Friday, February 19, 2016

The Chaplain’s War by Brad Torgersen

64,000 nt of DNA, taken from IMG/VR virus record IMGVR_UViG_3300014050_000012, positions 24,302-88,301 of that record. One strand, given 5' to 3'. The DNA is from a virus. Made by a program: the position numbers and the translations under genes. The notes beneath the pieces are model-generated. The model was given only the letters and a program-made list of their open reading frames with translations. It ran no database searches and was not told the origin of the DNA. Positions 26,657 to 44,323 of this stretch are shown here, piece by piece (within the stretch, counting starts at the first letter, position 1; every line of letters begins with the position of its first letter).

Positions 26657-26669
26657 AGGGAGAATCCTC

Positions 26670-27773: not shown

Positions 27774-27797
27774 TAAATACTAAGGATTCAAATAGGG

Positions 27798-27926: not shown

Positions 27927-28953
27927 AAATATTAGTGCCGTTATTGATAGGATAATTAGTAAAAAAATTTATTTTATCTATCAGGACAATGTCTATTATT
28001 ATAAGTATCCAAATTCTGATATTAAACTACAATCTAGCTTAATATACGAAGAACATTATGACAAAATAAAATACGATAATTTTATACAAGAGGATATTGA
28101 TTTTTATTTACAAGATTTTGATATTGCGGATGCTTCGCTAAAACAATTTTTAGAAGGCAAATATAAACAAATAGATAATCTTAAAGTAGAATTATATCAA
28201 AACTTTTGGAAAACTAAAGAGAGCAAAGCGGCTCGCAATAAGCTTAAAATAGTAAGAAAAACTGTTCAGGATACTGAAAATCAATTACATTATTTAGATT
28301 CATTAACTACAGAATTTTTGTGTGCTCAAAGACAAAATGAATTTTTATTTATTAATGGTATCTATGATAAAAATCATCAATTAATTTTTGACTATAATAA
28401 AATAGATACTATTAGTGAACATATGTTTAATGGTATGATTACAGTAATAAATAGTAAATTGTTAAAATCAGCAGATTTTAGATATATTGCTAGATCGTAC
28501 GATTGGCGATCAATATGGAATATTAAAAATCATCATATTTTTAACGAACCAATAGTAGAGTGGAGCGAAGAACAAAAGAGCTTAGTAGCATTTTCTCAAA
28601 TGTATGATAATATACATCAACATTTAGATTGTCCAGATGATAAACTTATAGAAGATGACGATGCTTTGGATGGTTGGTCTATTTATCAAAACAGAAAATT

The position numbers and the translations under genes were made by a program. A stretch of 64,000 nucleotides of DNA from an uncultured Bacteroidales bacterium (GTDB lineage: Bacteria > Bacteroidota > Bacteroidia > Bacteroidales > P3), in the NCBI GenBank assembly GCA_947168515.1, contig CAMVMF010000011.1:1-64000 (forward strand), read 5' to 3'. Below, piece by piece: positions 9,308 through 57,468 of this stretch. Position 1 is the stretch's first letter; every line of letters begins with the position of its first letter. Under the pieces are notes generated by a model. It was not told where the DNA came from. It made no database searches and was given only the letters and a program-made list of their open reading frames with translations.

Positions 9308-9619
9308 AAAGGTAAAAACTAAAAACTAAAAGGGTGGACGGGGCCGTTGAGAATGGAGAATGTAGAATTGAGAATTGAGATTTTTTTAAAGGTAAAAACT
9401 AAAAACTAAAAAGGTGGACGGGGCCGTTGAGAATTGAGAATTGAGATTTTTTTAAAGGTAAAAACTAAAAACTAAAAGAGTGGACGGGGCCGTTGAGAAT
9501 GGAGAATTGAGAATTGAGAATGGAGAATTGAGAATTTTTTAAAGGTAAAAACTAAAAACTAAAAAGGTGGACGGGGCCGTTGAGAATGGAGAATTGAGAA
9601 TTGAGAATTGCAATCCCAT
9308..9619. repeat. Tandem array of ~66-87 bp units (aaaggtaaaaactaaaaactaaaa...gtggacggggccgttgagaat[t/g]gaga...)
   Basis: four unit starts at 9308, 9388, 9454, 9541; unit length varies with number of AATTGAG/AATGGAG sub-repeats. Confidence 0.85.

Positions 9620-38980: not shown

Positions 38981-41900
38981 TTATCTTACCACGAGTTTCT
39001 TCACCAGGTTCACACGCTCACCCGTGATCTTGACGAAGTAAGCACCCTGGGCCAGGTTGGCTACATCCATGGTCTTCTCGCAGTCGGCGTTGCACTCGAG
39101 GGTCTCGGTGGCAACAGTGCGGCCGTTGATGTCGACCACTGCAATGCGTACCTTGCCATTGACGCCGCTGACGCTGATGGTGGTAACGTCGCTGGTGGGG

The Chaplain’s War is a great science fiction novel. I found myself pleasantly surprised at the depth of the characters, the tight plotting, and action-packed pacing. The best science fiction stories include social themes and plot devices that readers find relevant to their own worldview. Brad Torgersen tackles this idea head-on with a story about a chaplain’s assistant who is essentially without faith. How he became the chaplain’s assistant, and how that effects not only his future, but that of all humans and the insect-like mantis, is the heart of the tale. Building his story around a framework of traditional Space Opera adds to the allure. There are galactic battles and, literally, bug-eyed aliens, and the ending is protracted but necessary. In fact, this book works so well because Torgersen clearly has an emotional investment in his characters, and he takes the time to allow them their own room to develop. Harrison Barlow is intriguing, and perhaps not too unlike most of us when it comes to matters of religion. Beneath the primary plot we have a subtext involving our human inability to understand or appreciate differing religious viewpoints, and that subtext is vital to this book. Wisely, Torgersen chooses to allow these ideas to build naturally, and he never slaps his readers in the face with his themes. As I mentioned, there’s plenty of military Space Opera and action to keep you on the edge of your seat. This was an immensely enjoyable paperback that I looked forward to over the span of a few days as I flipped the pages.

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